Interesting twist of a war drama about a National Guard infantry
company stuck with an incompetent, politically appointed, company
commander, Captain Cooney, played by Eddie Albert. Cooney's father is a
big whig back home and the battalion commander, Lt. Col. Bartlett,
played by a very young looking Lee Marvin has big political ambitions
for after the war so he puts Eddie Albert in command of Fox Company as
a favor to the 'Old Man'. Captain Cooney is a coward and at the
beginning of the movie leaves one of his squads hanging out to dry and
they are quickly killed. When Lt. Costa (Jack Palance) is ordered to
take a farmhouse at the edge of an enemy infested town, he warns Cooney
what will happen if the company doesn't show up as promised. Cooney's
behavior eventually puts the whole battalion at risk and pushes each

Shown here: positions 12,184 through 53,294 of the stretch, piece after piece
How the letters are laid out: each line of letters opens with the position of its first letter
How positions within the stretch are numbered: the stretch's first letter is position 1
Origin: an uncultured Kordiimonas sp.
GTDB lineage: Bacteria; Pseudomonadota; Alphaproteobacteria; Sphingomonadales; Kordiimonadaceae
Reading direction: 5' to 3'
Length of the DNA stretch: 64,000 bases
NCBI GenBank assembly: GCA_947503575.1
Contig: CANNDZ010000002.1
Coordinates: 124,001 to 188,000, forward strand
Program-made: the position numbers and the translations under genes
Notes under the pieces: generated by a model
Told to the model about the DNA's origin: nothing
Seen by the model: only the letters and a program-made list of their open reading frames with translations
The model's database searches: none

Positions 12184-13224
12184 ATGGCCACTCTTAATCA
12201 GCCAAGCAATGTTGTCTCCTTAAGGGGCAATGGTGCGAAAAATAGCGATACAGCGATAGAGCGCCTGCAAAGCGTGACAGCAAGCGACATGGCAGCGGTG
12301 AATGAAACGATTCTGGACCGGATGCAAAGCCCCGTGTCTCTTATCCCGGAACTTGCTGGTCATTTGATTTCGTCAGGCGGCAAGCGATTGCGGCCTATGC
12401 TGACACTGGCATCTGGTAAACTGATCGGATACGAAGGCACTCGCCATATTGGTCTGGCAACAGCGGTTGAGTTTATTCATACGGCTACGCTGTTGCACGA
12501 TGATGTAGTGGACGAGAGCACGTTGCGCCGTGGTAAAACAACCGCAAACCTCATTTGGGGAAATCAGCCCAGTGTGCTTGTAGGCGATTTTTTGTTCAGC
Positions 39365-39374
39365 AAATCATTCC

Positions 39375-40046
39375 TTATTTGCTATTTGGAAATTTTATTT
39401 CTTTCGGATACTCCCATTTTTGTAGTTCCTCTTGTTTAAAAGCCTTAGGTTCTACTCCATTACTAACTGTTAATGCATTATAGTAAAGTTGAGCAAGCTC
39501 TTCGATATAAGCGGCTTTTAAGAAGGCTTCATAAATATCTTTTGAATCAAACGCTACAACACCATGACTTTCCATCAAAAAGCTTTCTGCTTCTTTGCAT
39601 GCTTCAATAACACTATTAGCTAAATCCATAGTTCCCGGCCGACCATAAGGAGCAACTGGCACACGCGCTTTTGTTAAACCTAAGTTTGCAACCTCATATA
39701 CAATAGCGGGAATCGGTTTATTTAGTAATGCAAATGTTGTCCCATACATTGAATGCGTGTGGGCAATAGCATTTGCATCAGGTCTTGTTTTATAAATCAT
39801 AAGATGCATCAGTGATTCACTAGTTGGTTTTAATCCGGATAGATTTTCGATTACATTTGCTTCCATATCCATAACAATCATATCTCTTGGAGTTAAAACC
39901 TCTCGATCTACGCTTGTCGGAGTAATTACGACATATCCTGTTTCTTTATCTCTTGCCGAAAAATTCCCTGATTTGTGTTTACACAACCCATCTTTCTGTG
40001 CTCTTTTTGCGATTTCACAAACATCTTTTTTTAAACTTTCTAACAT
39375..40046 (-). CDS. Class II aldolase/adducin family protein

man nearly to his breaking point.
The performances are brilliant all around with Albert and Palance turning in arguably the best performances of their careers. Lee Marvin essentially does Lee Marvin and if you've seen a few of his movies you know what to expect. Attack is 107 minutes but felt more like two hours. The pacing is spotty and another round of editing, cutting six or seven minutes, would vastly improve the film. I'm not sure but there were a few spots in the beginning where it seemed they mixed up the ranks and had a lieutenant in charge of the squad that was killed. Lieutenants command platoons in an infantry company, sergeants command squads.
I first saw this when I was nine years old. It has stuck in my mind